China BiographyEdit This Page
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A biography is a history of a person’s life. A biography may give you birth, marriage, and death information and the names of parents, spouse, children, or other family members. Use the information from a biography cautiously because there may be inaccuracies. You can locate individual or family biographies in the Surname Search of the FamilySearch Catalog.
Thousands of biographies have been gathered and published in collections of biographies, sometimes called biographical encyclopedias or dictionaries. Usually these include only biographies of prominent or well-known Chinese figures.
Biographical Collections (zhuanji)
Research Use: Supplement genealogies. Many provide vital information and provide linkage information. There are several significant indexes to these works that greatly enhance their value.
Record Type: These are collections of biographical sketches of various local individuals.
Time Period: About 960 to present.
Contents: Records of individuals and their accomplishments. Many indicate parentage, birth information (date and place). Pre-communist era biographical collections include a great diversity of individuals. Current publications on the mainland spotlight local communist officials and martyrs of the revolution as well as prominent individuals of the past.
Location: Found scattered in libraries and archives throughout China.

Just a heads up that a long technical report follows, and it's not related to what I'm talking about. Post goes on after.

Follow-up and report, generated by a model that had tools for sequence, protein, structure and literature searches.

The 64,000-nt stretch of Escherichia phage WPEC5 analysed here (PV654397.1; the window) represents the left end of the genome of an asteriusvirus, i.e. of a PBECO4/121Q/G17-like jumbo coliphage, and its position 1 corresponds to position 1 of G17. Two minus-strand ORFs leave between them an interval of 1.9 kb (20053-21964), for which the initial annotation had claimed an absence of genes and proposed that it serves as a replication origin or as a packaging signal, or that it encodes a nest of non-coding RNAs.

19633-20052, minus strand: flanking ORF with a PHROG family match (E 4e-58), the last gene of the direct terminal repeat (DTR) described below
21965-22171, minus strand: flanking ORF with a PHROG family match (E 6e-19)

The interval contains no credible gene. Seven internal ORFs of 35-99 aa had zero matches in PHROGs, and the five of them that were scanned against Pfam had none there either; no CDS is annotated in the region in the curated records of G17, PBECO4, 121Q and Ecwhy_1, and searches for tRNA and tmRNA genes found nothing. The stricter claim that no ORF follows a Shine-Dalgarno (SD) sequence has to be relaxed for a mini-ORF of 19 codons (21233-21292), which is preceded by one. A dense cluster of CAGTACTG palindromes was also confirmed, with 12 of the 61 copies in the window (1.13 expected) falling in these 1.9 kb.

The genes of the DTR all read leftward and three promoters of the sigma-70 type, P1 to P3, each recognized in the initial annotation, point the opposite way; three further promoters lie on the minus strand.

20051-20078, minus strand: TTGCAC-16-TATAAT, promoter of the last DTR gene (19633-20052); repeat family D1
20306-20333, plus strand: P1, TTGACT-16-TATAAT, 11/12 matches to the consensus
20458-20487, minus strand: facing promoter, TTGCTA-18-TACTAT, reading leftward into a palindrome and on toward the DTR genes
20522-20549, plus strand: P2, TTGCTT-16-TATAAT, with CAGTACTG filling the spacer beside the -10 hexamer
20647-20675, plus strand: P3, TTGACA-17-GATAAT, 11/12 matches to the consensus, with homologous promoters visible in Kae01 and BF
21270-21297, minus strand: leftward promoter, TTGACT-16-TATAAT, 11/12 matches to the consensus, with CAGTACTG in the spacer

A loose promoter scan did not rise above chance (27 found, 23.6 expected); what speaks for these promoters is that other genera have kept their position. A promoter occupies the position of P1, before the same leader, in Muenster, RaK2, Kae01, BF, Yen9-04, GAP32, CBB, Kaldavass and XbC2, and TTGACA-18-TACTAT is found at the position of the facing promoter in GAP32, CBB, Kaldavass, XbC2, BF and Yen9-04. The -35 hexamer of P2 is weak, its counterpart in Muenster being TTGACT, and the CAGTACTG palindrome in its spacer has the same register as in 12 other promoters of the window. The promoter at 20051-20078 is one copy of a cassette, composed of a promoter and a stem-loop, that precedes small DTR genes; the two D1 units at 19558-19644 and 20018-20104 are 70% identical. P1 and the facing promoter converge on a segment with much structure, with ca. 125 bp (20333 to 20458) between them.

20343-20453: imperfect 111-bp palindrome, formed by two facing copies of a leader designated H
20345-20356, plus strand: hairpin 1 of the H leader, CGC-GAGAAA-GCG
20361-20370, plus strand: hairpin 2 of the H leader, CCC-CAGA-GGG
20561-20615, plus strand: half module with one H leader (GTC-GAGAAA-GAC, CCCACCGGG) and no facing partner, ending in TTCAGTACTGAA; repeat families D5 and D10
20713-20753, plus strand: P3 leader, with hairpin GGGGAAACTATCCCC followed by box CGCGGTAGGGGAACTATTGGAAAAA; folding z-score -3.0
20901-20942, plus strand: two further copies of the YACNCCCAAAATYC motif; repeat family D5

Population Coverage: Include mainly important personalities and categories of individuals in a specific area; cover less than 5% of the population.
Reliability: Generally very reliable.
Family History Library Collection
Look in the Place Search of the FamilySearch Catalog under:
CHINA - BIOGRAPHY
Biographical sketches are found with other material in the 1913 publication Chinese in Hawaii (FHL film 1208497, Item 9). The Southern Alameda County Chapter of the Organization of Chinese Americans, 466 South 5th Street #2, San Jose, CA 95112, presently has a biographical project in progress.
Currently, oral history is very much in vogue, but it is hard to document such histories. Chinese historical societies and university-level Asian American Studies departments have been involved in oral history projects to capture this information. These are particularly valuable where interviewers have been able to talk to some in the past who is now deceased.
- The Organization of Chinese Americans
- ↑ The Family History Department of the Church of Jesus Christ of Latter-day Saints, “Family History Record Profile: China,” Word document, private files of the FamilySearch Content Strategy Team, 1997.
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